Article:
“At the end of five years, if it is thought that this works, and everyone is happy with it, planning permission could be extended,” he says. “But we have to be ready to relocate people and ideally plant the containers on another site somewhere else.”
Architects are never short of big ideas. Last week, New London Architecture (a forum for new development in the city), unveiled a shortlist of 100 blue-sky proposals to solve the housing crisis. They included floating “modular” homes that could be plonked along the canals, and flat-building along derelict railway lines. Elsewhere, academics at the London School of Economics have urged planners to look at “alternative housing”, buoyed by small self-build projects and housing co-operatives in the capital.
Yet construction, however bold, is the easy part. It’s land – the huge costs and the great difficulty in obtaining it – that remains the biggest barrier to getting more homes built. Without more land offering much greater supply, we might be entitled to ask whether stylistic innovations and inventive forms of housing management will leave us tinkering at the margins.
Housing analyst Brian Green, who runs the Brickonomics blog, has shown the skyrocketing cost of land. Back in the 1930s land could cost as little as two per cent of a house’s sale price. By the 1950s, land accounted for around 25 per cent of house-price values. Today, it has increased to close to 70 per cent (by Green’s calculations). According to Shelter, residential land prices rose by 170 per cent between 2000 and 2007, compared to a 124 per cent increase in house prices.
Although the staggering cost of land in central London skews averages somewhat, it remains true that a shortage of available land – especially across the south of England – is contributing to the housing crisis.
Everyone in the sector hopes local authorities can be encouraged to make more brownfield sites in urban areas available. “It’s perhaps understandable that some public sector bodies are a little reluctant to release land because they know once they’ve lost it, they won’t get it back again,” says Simon Rubinsohn, chief economist at the Royal Institution of Chartered Surveyors.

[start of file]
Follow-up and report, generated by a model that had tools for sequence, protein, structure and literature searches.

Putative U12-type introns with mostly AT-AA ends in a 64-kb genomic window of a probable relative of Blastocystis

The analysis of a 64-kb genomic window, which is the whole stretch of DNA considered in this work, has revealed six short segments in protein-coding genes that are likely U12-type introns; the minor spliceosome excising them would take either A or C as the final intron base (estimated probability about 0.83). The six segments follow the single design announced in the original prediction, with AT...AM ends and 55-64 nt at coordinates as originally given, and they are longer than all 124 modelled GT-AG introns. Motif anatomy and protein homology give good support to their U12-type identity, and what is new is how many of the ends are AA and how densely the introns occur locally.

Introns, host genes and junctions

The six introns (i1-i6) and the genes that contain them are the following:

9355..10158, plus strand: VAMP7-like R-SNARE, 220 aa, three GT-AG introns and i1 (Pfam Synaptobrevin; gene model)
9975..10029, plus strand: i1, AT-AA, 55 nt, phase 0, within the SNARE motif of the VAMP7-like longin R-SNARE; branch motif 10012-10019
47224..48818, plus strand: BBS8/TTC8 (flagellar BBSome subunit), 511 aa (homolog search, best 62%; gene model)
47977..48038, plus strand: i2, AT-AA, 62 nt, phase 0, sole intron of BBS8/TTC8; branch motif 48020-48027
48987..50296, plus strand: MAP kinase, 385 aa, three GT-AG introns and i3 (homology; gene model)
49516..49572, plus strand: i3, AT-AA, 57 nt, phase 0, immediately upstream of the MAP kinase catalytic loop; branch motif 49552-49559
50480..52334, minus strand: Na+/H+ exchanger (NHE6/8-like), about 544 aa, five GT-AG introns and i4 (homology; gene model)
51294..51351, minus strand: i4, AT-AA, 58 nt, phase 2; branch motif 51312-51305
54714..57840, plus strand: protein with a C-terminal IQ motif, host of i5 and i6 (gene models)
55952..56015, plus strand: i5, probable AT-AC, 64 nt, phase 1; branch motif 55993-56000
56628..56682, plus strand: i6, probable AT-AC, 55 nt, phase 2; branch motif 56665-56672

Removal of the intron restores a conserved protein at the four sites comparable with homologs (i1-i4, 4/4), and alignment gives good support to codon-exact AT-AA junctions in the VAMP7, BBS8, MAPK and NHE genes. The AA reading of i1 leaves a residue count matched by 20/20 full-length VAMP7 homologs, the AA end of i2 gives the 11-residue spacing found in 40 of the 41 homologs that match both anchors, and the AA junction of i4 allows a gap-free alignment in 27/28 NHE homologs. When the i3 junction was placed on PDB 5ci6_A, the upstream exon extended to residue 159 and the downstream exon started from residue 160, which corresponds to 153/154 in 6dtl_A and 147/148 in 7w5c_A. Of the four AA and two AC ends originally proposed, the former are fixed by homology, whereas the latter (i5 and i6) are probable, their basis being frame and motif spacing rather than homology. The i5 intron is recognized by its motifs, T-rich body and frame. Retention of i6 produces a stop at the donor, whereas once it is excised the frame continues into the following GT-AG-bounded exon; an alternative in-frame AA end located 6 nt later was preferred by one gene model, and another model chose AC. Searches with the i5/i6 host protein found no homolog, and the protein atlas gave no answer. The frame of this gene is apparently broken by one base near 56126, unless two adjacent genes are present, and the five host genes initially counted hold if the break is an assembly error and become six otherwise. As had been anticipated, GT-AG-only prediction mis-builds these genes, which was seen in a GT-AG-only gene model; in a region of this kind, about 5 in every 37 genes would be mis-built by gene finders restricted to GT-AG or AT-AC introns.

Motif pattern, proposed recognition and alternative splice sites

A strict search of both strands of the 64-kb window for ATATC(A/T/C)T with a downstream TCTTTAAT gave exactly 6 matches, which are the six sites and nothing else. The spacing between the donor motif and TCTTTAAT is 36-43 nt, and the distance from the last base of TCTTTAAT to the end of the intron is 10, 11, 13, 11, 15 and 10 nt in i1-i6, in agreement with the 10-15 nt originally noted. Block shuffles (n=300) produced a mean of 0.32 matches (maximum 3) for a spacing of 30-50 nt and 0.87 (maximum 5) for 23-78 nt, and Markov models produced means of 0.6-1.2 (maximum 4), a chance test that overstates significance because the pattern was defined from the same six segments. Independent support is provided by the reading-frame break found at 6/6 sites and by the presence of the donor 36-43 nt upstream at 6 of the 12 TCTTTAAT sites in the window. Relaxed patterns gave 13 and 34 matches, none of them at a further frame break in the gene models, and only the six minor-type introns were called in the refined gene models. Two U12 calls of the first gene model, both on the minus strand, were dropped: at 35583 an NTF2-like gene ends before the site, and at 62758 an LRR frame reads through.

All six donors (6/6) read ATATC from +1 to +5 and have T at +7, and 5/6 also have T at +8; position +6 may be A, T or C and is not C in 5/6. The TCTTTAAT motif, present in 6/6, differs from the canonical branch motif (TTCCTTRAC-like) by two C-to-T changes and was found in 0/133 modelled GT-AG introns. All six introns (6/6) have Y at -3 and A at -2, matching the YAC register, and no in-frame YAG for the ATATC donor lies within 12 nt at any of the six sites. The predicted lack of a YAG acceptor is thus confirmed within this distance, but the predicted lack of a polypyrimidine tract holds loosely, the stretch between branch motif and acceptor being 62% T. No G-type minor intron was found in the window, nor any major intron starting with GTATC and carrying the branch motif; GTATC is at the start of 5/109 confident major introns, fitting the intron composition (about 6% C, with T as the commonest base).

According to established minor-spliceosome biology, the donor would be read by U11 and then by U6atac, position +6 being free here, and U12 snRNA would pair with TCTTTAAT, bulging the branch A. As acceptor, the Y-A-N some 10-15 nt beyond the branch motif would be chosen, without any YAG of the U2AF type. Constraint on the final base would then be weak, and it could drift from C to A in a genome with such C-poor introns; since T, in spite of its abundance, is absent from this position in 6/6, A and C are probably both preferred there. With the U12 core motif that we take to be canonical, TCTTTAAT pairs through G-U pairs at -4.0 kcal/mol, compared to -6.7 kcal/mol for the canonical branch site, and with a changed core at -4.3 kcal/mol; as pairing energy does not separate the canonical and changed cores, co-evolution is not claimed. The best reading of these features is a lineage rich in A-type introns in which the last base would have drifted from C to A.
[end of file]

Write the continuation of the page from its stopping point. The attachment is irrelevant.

“It’s also true that some investors are acquiring land with a view to trading it at some point in the future when the price reaches a level they believe offers them an adequate return.
The Big Issue magazine is a social enterprise, a business that reinvests its profits in helping others who are homeless, at risk of homelessness, or whose lives are blighted by poverty.
“But the reluctance of landowners to sell and the current high price of land are not the only things holding more house-building back,” Rubinsohn adds. “Even if there’s a willingness to sell land in an area… it can meet with local opposition and get bogged down in the planning process.”
Complaints about nimbyism and endless planning restrictions are familiar from the big house builders. Yet some have accused them of sitting on large sites and holding back the supply of new homes. Steve Turner, spokesman for the House Builders Federation, rejects the idea that his members are restricting supply to keep property prices high.
“A number of independent reviews have dismissed this idea of house builders’ land-banking,” Turner says. “It costs them to sit on land. A lot of sites have outline planning permission but are stuck somewhere in the planning system before work can begin – and that’s as frustrating for house builders as it is for anyone else.”
A recent Shelter report – Solutions for the Housing Shortage – sets out ways in which Britain might reach the 250,000 homes a year it needs to build. Land issues are key. The report proposes a new town programme, in which government development corporations would take control of land purchase, and more support for green belt swaps (whereby councils allow building in some parts of the well-protected green belt if an equivalent area of land elsewhere is safeguarded).
There remains a problematic perception of land scarcity, that the tiny island of Britain is almost ‘full up’, fast approaching the day everything is paved with tarmac. It’s worth pointing out that a few years ago the Office for National Statistics released the UK’s Environment Accounts. Geographers classified only 6.8 per cent of the UK’s land area as urban (a definition that includes all roads and development in rural areas), meaning more than 93 per cent remains resolutely non-urban.
If Britain is to begin to ease its housing crisis, it must unlock the land blockage. Perhaps then, if more land can be made accessible, we can argue about the most fitting architectural styles and construction methods. Until then there will be precious few places for visionary designers to play with.